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Send holiday stress down the chimney

Christmas and New Year’s can be a stressful and even a sad time of year for some people.

As the Christmas carol goes, “You’d better not cry.”

But if you feel like it, you wouldn’t be alone.

Christmas and New Year’s can be a stressful and even a sad time of year for some people. “The holidays are a time that can be very joyful, with celebrations, good food and time spent with family. But they can also be very stressful because of numerous demands placed on people,” says Katy Kamkar, a clinical psychologist in Toronto.

Metro asked Kamkar, who is acting treatment head of the Work, Stress and Health Program at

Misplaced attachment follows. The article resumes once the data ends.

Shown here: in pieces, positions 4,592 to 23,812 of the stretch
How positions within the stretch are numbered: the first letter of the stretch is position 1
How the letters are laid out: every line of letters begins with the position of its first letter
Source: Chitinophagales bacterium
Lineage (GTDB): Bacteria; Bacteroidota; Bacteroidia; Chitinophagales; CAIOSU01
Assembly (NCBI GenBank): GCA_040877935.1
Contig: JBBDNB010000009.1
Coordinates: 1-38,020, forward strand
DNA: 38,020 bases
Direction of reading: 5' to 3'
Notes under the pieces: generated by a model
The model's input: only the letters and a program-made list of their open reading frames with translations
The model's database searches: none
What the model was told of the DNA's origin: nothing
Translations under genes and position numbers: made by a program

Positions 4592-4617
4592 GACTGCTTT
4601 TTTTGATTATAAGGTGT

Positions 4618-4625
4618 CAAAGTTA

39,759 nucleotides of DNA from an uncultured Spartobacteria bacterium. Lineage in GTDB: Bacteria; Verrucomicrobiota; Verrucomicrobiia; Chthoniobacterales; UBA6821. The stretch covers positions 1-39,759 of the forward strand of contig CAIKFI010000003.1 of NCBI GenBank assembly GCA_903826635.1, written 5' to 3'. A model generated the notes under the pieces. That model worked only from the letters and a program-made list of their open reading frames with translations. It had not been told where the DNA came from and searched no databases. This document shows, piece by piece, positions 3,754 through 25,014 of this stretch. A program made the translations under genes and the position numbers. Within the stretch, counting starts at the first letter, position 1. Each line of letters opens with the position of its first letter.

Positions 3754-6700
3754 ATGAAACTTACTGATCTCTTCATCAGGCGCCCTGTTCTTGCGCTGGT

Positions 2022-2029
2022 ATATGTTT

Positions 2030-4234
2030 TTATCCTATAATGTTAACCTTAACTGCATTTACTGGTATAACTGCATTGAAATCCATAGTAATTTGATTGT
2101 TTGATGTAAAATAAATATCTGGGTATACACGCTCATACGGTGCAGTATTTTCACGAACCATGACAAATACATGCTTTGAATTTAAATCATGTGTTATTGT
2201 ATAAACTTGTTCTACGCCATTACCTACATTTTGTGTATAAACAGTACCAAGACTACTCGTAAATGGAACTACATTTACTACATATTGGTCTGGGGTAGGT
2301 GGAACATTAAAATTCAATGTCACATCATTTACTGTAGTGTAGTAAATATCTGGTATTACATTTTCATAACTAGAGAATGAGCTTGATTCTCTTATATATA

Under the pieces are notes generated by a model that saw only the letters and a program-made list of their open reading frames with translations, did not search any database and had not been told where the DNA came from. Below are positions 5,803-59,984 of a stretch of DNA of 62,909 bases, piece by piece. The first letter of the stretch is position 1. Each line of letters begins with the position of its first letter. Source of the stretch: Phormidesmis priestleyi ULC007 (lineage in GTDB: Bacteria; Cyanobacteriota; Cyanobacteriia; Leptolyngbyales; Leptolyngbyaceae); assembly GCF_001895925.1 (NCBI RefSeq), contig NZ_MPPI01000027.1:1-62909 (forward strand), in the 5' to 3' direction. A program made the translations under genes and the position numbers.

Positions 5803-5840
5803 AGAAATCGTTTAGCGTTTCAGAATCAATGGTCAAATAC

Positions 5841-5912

the Centre for Addiction and Mental Health, to explain why the holidays can be a downer for some people.

• Social stress
Some people find the social obligations overwhelming and exhausting. Tensions can build at family gatherings.

• Negative connotations
If this is the time of year when a loved-one died or something upsetting happened, you may be feel sad or lonely.

• Financial pressure
The holidays are expensive. Knowing you’re going deeper into debt makes you feel distressed.

• Travel tensions
Delays and bad weather can cause anxiety and worry.

• Perfectionism
Trying to make the perfect meal, get the perfect gift, and have the perfect home decor contributes to even more stress.

• Bad health
If you already suffer from stress, depression or anxiety, the holiday season can often add to those feelings.

• Anxiety
For some, going to crowded places like the mall can increase symptoms of stress.

• Addiction
People who are trying to abstain from alcohol or other addictions may have a harder time during the holidays.

• Overindulgence
People tend to neglect nutrition and exercise goals, which takes a physical toll.

 
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